The beautifully designed River Reflection Sensory Garden by Nicola Haines also includes a community garden, garden chess, boules and “hills” for the kids to roll around. Custom benches and personalized pavers are also in the spotlight thanks to the support of a public fundraising campaign.
Speaking at the official opening, Jill Cousins, Director of The Hunt Museum, said: “By allowing our artifacts to escape the walls of the museum, we hope to intrigue and entertain many more people.
“This is a work in progress and over the next six months more sculptures will be moving outside as we host events in this all new and exciting space. Everyone has been so generous with the Fund a Cobble and JP McManus Golf Pro Am campaign and our volunteers have been many and many.
“Museum in a garden belongs to all of us, to admire the sculptures, have a picnic, play chess, take care of the vegetables or simply sit still. ” she said.
Museum President John Moran said: “Large public spaces are where communities come together and where barriers and a sense of isolation break down. Since taking the Presidency, my ambition is to see this once somewhat unloved and barricaded space become a truly open public space for all residents of Limerick.
“My own family were delighted to support this project by donating to fund the creation of a community garden in memory of my father, Sean Moran, a builder who loved the river and devoted many years to restoring some of the old buildings in Limerick. he added.
The Mayor of Limerick, Cllr Michael Collins, officially opened the museum in a garden at a small launch event: “I want to congratulate the team at the Hunt Museum and all who have supported this wonderful initiative.
“Placing culture at the heart of a city’s regeneration gives it a deep meaning and engages local pride. Museum in a Garden offers a new experience where people can connect with the outdoors while encountering works of art. This will greatly enhance the attractiveness of Limerick as a tourist destination, ”he said.
Guest speaker at the official opening, Eanna Ní Lamhna, biologist and environmental consultant, said: “The gardens were originally designed as refuges from the outside world. It is indeed a haven of peace and in addition it is also an extension of the museum world.
“The natural world is all around and the natural environment of the river is also integrated. It is a feast not only for the eyes, but also for the beautiful smells and sounds of the wind to insects and even birds. Take it all, relax and let the calm take over you. she explained.
Community Influenced Sensory Garden Garden Design Descending down to the River Shannon, the Garden provides an oasis of calm in the city center. The garden design was awarded to Nicola Haines following a national competition where her innovative sensory garden design reflecting the river and influenced by the community won over the judges.
Explaining the concept behind the garden design, Nicola Haines, Tierney Haines Architects, said: Shelter alcoves for exhibition space, seating and games.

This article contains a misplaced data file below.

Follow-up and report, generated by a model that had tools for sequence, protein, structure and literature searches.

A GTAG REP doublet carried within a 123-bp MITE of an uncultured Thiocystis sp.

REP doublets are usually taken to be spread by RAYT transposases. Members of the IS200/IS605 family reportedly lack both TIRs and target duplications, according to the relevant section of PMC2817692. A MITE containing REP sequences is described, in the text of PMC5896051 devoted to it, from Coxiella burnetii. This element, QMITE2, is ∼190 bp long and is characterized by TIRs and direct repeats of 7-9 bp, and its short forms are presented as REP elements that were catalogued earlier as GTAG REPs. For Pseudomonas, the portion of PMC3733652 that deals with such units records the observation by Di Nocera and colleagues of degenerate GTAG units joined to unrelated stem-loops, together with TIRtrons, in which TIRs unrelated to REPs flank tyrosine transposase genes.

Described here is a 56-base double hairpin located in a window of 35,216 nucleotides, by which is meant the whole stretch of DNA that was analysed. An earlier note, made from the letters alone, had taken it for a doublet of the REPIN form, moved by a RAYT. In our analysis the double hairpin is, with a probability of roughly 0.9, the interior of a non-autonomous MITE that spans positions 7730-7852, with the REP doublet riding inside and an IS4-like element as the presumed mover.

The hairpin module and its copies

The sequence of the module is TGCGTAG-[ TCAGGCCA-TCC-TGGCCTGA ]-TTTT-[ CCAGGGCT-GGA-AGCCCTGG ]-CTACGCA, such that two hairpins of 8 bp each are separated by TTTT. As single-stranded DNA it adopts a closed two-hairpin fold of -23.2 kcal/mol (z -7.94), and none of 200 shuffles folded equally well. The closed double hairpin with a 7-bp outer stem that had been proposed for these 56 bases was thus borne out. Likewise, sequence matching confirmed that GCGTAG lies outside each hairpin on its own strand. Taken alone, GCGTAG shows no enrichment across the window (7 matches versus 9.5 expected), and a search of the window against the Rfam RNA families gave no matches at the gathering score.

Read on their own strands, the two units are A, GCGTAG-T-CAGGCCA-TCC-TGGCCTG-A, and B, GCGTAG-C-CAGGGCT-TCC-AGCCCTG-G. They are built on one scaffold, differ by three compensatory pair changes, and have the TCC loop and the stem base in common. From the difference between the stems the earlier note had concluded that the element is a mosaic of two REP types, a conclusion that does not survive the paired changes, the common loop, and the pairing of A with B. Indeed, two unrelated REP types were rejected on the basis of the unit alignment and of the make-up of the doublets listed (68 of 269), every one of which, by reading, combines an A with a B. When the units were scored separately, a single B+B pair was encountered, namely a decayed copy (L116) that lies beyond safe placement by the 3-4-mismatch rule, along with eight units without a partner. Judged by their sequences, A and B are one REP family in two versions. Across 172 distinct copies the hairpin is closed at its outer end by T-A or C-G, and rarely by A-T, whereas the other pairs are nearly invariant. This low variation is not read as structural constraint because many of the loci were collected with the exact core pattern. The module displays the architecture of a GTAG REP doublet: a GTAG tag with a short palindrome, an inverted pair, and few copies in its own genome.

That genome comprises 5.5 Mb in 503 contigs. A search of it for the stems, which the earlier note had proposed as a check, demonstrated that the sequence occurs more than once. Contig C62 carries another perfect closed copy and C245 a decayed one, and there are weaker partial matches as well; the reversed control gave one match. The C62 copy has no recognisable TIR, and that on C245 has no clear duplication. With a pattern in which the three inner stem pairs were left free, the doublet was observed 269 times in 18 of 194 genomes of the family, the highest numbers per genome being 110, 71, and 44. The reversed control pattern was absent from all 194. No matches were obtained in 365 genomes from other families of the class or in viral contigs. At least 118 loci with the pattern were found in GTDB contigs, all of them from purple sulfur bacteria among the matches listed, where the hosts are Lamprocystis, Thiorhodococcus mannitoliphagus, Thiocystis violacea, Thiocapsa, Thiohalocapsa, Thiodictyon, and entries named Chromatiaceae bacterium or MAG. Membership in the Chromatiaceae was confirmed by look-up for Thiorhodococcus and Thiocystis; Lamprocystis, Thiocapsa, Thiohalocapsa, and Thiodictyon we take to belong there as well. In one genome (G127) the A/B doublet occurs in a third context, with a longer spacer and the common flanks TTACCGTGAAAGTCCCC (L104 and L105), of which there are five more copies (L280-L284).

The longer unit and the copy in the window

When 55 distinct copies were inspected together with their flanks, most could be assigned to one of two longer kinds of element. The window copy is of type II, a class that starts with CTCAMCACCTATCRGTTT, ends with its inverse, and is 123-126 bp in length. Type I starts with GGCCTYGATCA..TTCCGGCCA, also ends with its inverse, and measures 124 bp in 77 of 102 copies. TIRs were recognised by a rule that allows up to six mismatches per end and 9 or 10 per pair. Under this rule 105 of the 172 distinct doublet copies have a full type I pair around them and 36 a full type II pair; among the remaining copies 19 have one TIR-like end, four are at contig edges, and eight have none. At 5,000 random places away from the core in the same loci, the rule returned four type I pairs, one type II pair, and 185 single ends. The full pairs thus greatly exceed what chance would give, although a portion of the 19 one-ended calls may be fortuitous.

“Exhibition alcoves are planted to give a sense of the origin of the sculptures on display and provide semi-private seating, while larger spaces create opportunities for growth, learning, play and events. The garden will be an inclusive public garden space which we hope will be loved and used by the local community and visitors.
Built by the community for the community In the spirit of creating a public space, the Sean Moran Community Garden in the northeast part of the garden is where vegetables and flowers will be grown by community volunteers with several wheelchair accessible planters and a sensory garden.
“Several community groups participated in and will continue to support her performance, including St Mary’s Parish Men’s Shed, Doon Men’s Shed, Southill Men’s Shed as well as LMHA Le Cheile Men’s Group, Southill Women’s Group and local schools.
“By getting involved from the start, the volunteers developed an interest and a sense of pride in the garden project while learning new skills and connecting more with the museum.
Speaking on behalf of the groups involved in the development and maintenance of the Sean Moran Community Garden, Martina Shanahan, Limerick Mental Health Association (LMHA), said: “The LMHA Men’s Shed was delighted to be invited to maintain the garden; it allows us to have a safe place to meet and work outdoors in a beautiful setting. After Nicola shared her vision with the group, we knew it would provide a really nice common outdoor space for the Limerick community.
Jim Prior, Southill Family Resource Center, said: “We are thrilled and delighted to be a part of this project. The community garden will provide a space where the 15+ men’s sheds from the city and county can come and help with its upkeep and maintenance and provide networking opportunities between the shed projects. Everyone loved to get their hands on and do something for Limerick while getting to know each other and the Hunt Museum.